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Child Care Essential for Economic Recovery and on the Brink of Disaster

There is no doubt amongst business leaders, elected officials, employers and employees that without child care, economic recovery will be virtually impossible. The harsh reality is that if child care centers don’t get financial relief soon, families will have even fewer options for care when they feel it is safe to send their children again. The number of families who need care now are not enough to sustain child care. And the child care businesses who do have savings to draw upon to stay open in the short term, may still close as the pandemic continues.

Child care businesses are struggling to stay open. The cost of care is higher than most working families can afford so childcare businesses are subsidizing that care at substantial losses. In March 2020 Kids Co. was providing care to 889 kids. As of today there are 63 kids enrolled. Kids Co. is experiencing a nearly 100% decrease in enrollment. Kids Co. is not alone. Dozens of programs in Seattle, are experiencing drastically low enrollment.

Child care during COVID-19 comes at a high price.

Child care is following all of the CDC and public health safety and health protocols – all of which come at a high price. Between smaller group sizes per room and physical distancing, programs cannot enroll kids to their child care license capacity. In many cases, the most a program can serve is 15 kids in a room. The additional cost of PPE along with the time it takes to find and buy PPE adds to the challenge of staying open. Child care teachers are burning out under the pressure of the constant cleaning and disinfecting of everything, while also overseeing and managing groups of kids.

Child care steps up to support schools with remote learning.

On top of all that child care programs are doing to provide safe care, many of us are also supporting distance learning. In Seattle, child care programs are accommodating the dozens of different school and class schedules, managing and troubleshooting IT issues, and helping kids with their school work. Furthermore, programs are serving special needs kids who aren’t receiving the support they should be getting (i.e., one-on-one aid that they’d normally have during in-person instruction) putting additional pressure on child care teachers who are not certificated special education teachers. For programs serving English Language Learner kids, the challenges become even greater. But because our hearts are in this for the kids and families, child care is doing everything we can to take care of our kids. We do this even though child care programs are not receiving any funding from Seattle Public Schools to provide this level of support for kids.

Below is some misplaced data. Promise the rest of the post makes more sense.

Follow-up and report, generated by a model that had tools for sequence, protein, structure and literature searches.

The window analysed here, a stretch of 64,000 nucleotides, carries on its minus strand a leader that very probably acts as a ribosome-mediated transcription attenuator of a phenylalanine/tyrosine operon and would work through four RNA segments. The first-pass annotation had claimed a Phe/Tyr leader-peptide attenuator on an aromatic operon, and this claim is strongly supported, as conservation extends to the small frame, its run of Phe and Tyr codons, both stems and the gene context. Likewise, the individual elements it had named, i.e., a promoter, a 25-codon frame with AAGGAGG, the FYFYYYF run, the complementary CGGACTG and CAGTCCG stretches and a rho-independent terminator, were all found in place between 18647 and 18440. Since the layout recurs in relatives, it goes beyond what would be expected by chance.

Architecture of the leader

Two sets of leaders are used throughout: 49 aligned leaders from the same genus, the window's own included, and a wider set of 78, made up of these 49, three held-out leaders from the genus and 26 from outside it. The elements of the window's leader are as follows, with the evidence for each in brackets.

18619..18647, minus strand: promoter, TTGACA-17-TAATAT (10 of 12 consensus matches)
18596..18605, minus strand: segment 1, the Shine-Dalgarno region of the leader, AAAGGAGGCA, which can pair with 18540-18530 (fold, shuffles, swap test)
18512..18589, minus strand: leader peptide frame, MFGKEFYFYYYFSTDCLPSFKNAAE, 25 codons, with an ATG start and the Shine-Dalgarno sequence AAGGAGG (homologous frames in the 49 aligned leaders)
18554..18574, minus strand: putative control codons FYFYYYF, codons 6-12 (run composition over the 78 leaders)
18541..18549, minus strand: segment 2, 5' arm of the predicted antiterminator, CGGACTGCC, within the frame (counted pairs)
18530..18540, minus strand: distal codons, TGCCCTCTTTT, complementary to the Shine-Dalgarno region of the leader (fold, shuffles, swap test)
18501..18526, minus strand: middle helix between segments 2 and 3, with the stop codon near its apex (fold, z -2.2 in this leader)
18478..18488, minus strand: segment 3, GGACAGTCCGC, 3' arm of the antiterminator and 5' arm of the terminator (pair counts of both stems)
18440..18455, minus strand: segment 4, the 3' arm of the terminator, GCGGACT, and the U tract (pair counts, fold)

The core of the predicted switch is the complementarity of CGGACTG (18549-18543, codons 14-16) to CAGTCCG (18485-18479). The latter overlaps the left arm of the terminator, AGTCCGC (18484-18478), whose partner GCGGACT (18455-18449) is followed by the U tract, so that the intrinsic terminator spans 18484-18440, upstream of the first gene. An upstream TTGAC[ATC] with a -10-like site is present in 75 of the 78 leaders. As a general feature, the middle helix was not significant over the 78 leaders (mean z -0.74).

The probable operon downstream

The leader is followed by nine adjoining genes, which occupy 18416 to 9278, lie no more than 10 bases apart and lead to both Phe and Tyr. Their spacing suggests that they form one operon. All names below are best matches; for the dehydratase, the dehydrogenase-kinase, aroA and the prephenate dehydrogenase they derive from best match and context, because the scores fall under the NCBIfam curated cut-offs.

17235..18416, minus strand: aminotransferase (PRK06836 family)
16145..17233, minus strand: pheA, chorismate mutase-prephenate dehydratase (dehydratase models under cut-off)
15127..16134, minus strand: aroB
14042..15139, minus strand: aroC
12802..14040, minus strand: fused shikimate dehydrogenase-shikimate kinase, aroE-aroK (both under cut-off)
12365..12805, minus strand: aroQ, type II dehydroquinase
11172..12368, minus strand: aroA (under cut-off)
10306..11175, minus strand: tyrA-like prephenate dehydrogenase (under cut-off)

Just like grown ups, kids are impacted by COVID-19 too.

The impacts on life during COVID-19 are felt by us all. Kids feel the pain of loss, the financial pressures of their families, the hardships with distance learning, and the loneliness of isolation. Child care teachers are helping kids navigate all these experiences with care, patience and grace. Child care teachers are doing their best to give kids their childhoods back in the face of a pandemic.

Kids Co. and every other child care business wants to be the support and resource for families we’ve always been. Without significant investment from government and business, child care businesses will close. The question is when?


More resources about the impacts of COVID-19 on child care and economic recovery:

Piecing Together Solutions: An Essential Industry for Economic Recovery

Washington Journal – Melissa Boteach on COVID-19’s Impact on Child Care

The True Cost of Providing Safe Child Care During the Coronavirus Pandemic

US Chamber Foundation: COVID-19 Impact on Childcare, Center for Education and Workforce

Childcare: An Essential Industry for Economic Recovery

Daycare Dilemma: Smaller Classes And Higher Costs Hurting Working Families

COVID-19 Has Nearly Destroyed the Childcare Industry—and It Might Be Too Late to Save It

Child Care in the COVID-19 Era | A Discussion with Leading Experts

Washington State Child Care Industry Assessment: Report to the Legislature by the Child Care Collaborative Task Force under 2SHB 1344, Laws of 2019


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